Oldest and most influential Anglo-Jewish newspaper; published in London, England; next to the "Allgemeine Zeitung des Judenthums," the oldest Jewish newspaper in existence. It first appeared Nov. 12, 1841, under the editorship of D. Meldola and M. Angel, in quarto, which was soon changed to octavo. On Oct 18, 1844, under the editorship of Joseph Mitchell, it took the title of "The Jewish Chronicle (New Series) and Working Man's Friend"; it appeared only fortnightly till July 9, 1847, when it became a weekly; from Aug. 18, 1854, it was edited by M. H. Bresslau, who changed the title to "The Jewish Chronicle and Hebrew Observer." From Jan. 12, 1855, A. Benisch assumed the editorship, which he retained till April 2, 1869, when Michael Henry took charge of the paper until his death. Benisch then resumed the editorship (June 18, 1875), which he retained till July 21, 1878. He bequeathed the paper to the Anglo-Jewish Association, which, however,sold the proprietary rights to Asher I. Myers, Sydney M. Samuel, and Israel Davis.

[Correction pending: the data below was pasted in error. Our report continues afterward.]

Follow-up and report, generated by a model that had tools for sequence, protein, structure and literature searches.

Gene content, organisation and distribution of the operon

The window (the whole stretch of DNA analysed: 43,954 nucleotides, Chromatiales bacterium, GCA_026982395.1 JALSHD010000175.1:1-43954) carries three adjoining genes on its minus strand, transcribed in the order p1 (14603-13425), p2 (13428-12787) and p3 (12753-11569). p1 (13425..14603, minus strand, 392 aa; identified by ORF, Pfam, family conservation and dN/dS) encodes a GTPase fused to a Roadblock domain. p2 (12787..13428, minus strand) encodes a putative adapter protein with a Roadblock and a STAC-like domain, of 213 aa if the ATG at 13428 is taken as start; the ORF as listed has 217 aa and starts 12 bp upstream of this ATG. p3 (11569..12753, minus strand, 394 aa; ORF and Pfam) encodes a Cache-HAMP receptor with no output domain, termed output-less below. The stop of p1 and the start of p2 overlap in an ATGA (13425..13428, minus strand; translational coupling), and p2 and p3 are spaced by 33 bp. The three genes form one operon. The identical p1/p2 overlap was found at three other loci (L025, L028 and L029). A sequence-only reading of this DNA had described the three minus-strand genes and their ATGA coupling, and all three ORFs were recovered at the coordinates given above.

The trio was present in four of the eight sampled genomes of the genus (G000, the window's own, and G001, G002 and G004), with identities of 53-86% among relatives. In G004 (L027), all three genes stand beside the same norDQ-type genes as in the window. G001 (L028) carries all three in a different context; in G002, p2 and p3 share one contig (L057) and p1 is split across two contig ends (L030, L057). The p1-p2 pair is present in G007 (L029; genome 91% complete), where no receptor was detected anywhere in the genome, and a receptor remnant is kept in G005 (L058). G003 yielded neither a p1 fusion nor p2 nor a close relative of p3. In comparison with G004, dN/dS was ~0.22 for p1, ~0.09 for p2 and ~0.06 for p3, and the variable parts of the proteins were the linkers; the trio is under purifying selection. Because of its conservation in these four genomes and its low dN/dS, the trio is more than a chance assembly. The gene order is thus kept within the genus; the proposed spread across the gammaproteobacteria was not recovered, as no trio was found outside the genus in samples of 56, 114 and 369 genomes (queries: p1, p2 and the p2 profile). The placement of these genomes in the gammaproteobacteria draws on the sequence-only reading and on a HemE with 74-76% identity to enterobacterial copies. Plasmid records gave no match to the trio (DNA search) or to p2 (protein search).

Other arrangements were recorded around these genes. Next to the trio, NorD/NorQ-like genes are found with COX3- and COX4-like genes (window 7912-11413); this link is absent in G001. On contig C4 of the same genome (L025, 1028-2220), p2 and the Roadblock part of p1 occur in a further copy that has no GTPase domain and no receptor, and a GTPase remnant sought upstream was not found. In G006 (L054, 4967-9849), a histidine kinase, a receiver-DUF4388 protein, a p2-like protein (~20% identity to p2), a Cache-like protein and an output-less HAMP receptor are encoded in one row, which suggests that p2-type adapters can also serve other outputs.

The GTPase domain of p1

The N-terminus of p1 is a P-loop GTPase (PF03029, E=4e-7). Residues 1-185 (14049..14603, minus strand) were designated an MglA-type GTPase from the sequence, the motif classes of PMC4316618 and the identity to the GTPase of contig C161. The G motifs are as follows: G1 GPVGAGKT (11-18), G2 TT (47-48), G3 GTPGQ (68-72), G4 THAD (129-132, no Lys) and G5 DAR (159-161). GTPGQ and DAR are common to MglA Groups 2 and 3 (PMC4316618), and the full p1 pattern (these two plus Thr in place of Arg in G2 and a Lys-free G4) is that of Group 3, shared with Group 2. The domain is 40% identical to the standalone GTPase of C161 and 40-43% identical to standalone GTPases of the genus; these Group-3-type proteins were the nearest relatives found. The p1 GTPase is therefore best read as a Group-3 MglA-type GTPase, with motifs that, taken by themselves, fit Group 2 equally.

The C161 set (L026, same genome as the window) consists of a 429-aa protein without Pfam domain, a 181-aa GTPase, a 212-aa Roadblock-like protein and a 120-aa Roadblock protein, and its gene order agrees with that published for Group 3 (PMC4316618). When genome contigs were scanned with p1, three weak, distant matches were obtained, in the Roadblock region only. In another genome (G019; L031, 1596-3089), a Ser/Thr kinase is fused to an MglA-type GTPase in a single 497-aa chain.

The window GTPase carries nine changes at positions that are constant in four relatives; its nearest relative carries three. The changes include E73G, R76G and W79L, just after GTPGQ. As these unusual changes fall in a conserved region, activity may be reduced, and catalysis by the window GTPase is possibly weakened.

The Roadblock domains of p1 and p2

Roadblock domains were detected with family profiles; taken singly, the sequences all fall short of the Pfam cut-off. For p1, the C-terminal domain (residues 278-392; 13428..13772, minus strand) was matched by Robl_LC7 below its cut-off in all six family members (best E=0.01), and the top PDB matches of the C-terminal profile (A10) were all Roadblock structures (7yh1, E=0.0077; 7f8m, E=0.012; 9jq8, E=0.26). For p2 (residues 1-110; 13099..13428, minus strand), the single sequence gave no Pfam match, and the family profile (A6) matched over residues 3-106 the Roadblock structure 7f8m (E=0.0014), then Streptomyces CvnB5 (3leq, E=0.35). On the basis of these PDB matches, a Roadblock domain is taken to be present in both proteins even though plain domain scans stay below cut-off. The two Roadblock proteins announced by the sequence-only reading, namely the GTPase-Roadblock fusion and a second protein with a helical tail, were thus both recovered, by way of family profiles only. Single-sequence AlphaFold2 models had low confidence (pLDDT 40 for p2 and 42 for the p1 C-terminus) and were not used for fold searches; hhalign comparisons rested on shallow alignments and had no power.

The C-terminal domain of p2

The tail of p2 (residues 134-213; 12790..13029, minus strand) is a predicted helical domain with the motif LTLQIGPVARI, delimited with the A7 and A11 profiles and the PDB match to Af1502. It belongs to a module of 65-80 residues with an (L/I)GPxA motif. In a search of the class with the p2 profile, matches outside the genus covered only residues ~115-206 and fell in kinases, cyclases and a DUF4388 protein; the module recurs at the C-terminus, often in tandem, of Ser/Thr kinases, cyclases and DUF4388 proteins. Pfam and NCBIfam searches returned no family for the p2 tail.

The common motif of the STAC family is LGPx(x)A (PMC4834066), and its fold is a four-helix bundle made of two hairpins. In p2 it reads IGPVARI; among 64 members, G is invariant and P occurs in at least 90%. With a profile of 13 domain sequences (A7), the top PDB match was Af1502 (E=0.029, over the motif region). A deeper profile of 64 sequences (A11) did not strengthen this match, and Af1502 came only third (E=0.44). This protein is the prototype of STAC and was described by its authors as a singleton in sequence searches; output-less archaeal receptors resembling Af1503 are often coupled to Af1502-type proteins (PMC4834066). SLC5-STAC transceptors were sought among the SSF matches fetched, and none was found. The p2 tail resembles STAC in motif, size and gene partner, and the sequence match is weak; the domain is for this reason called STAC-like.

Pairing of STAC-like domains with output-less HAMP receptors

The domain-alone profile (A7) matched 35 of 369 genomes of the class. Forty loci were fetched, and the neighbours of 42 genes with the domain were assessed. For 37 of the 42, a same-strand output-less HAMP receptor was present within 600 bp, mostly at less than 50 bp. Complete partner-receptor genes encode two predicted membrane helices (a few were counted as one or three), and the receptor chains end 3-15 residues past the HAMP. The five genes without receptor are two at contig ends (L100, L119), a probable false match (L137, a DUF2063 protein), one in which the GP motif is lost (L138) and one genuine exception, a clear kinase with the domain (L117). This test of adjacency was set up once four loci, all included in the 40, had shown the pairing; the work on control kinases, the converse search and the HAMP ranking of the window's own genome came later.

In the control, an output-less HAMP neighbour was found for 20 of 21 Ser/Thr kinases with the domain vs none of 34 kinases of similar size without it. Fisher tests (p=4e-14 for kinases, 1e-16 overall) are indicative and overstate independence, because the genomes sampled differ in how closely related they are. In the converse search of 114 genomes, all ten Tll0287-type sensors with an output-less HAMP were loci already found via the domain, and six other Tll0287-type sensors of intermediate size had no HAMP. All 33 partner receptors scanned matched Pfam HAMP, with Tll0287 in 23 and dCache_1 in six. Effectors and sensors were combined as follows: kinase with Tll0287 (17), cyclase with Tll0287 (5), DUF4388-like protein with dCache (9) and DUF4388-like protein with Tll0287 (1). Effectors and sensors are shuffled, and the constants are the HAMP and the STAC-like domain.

Asher I. Myers was the managing editor till his death in 1902. Under his editorship the paper obtained a very influential position in the London community by its prompt publication of news, its reports of important public meetings, its correspondence from leading members of the community, and by the growing practise of publishing all family notices in its advertising columns. "The Jewish Chronicle," under his direction, was also one of the earliest Jewish newspapers to resort frequently to illustration. On his death the managing editorship was assumed by M. Duparc, and the newspaper itself became the property of Israel Davis, who had survived his two associate owners.

The newspaper throughout has been conservative in tendency, though admitting correspondence on various reforms. A special feature has been made of book-reviews, a running column of which is (1904) contributed by Israel Abrahams under the caption "Books and Bookmen." On the occasion of the paper's jubilee in 1891 a separate jubilee number was issued, to which most of the prominent writers and authorities in the Anglo-Jewish world contributed.

  • Jacobs and Wolf, Bibliotheca Anglo-Judaica, pp. 148-149;
  • The Jewish Chronicle, Nov. 13, 1891 (Jubilee Number).
G. J.
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